By Darren E. Weiss

French voters last Sunday chose leftist Ségolène Royal and ruling party candidate Nicolas Sarkozy to compete in the French presidential runoff scheduled for May 6, with the country’s largest voter turnout in history supporting a foreign policy change in France’s leadership.

Sarkozy, the tough-talking former interior minister and candidate of the center-right Union for a Popular Movement (UMP), won 30 percent of the vote.

Royal, who cast herself as a maternal protector en route to becoming France’s first female president, secured 24 percent, according to official returns.

Nearly 84 percent of France’s 44.5 million eligible voters participated in Sunday’s elections, a record in France that underscored an urgency to remedy economic decline at home as well as the country’s failing influence abroad. The large turnout also indicates national enthusiasm for personality-driven campaigns like those of American politicians rather than more traditional campaigns like that of outgoing French President Jacques Chirac.

The decisive May 6 runoff will be a classic left-right showdown pitting Royal, 53, who advocates greater spending for social welfare programs and a renegotiated European Union treaty, against the pro-business, pro-America and anti-immigration Sarkozy, 52, who opposes Turkey’s EU membership.

Royal, a mother of four and the first female to advance to the second round in a French presidential campaign, appeals to many Americans who see her as a French Hillary Clinton.

“Relations [with the U.S.] will improve regardless of who wins but the likelihood of them going up is far greater with Sarkozy,” said Patrick Basham, director of the Democracy Institute and a Cato Institute adjunct scholar. “If he is elected, there is going to be more common ground than there has been in some time.”

Sarkozy visited President Bush last fall to show his support for the United States, only to receive harsh criticism from both the left and right in France, causing him to slightly adjust his rhetoric.

The self-declared “friend of America” recently spoke of the necessity of a U.S.-France relationship in a foreign policy speech that carved out his opposition to Chirac’s notoriously icy relations with America.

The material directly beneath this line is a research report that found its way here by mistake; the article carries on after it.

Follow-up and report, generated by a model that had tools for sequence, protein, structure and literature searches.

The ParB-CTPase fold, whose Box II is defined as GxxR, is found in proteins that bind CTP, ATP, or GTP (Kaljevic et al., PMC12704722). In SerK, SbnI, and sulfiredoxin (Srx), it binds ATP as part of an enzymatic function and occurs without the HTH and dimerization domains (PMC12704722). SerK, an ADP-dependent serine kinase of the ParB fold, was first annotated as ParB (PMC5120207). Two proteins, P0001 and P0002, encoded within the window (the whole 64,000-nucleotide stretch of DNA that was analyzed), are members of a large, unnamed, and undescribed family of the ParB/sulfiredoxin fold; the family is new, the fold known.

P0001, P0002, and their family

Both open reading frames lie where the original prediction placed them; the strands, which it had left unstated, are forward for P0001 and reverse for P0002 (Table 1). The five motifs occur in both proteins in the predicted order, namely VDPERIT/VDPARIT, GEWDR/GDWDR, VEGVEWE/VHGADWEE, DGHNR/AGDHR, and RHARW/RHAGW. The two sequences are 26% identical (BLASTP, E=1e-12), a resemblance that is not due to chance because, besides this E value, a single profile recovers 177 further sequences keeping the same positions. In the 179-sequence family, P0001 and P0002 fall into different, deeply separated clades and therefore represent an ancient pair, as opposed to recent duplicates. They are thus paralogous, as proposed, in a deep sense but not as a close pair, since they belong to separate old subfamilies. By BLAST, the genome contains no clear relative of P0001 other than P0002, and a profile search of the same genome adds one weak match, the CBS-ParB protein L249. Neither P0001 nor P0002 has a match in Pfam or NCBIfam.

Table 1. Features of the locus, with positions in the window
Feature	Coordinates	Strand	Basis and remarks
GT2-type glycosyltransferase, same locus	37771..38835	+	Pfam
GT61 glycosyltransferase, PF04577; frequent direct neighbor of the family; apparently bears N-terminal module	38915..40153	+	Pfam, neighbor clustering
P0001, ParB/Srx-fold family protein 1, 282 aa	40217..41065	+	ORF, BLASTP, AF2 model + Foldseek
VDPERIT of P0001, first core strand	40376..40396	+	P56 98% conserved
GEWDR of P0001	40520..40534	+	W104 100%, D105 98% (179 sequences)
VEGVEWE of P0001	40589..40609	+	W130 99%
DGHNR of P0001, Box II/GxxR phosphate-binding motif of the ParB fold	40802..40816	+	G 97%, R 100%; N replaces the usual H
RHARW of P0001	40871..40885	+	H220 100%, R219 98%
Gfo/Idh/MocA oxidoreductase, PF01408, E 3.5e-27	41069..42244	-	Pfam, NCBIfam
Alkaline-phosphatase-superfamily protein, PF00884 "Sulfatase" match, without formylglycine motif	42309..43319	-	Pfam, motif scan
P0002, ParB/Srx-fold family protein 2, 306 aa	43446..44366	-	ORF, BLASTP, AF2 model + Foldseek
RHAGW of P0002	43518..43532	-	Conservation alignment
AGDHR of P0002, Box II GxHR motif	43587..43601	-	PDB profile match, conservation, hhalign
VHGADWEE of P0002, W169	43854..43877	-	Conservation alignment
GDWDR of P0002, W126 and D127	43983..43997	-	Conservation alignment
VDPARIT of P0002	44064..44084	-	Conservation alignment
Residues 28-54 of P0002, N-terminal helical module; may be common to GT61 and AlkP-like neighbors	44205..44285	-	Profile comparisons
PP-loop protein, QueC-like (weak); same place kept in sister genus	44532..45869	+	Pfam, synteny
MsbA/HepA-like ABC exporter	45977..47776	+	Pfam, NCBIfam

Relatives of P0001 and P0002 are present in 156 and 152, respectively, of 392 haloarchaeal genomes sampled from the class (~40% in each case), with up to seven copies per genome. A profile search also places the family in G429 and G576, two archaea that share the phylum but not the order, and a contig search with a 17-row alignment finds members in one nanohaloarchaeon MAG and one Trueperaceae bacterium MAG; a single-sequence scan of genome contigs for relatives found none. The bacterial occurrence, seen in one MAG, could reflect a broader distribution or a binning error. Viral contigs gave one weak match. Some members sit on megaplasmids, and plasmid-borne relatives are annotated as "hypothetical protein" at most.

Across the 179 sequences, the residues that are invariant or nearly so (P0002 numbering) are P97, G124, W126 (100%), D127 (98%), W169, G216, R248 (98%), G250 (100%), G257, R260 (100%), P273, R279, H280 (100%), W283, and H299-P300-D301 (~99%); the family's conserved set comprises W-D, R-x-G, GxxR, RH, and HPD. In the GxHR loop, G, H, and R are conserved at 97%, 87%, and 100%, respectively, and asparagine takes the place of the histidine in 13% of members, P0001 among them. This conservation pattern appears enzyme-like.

U.S.-France relations have improved since a low point in 2003 when France organized opposition in the United Nations to a push by the U.S. and Britain to obtain a U.N. Security Council mandate for military operations in Iraq.

“To some degree France and the U.S. have kissed and made up,” said Jonah Levy, associate professor of political science at UC Berkeley and a member of the International Advisory Board for the journal French Politics. In cooperating on counter-terrorism issues and promoting democracy in the Middle East, “the two sides have stepped away from the brink and become much more pragmatic,” he said.

Historically France has kept its distance from the U.S. while remaining a friendly but not-afraid-to-be-critical ally. This position serves French interests in many ways, while the idea of cozying up to the Bush Administration would be wildly unpopular in France, said Levy.

Some politicians in the U.S. wonder if Chirac’s publicly expressed opposition to American world dominance, fashioned after Charles de Gaulle, would leave the French political scene with him. Optimism has emerged in the U.S. that a younger, less Gaullist successor would seek closer ties with America.

Harvey B. Feigenbaum, Professor of Political Science and International Affairs at George Washington University, dismissed all optimism.

“Foreign policy is hardly being figured in the election debate at all,” he said. “In France there is a consensus on foreign policy that goes across right and left so there really wont be a huge difference between the U.S foreign policy of the candidates.”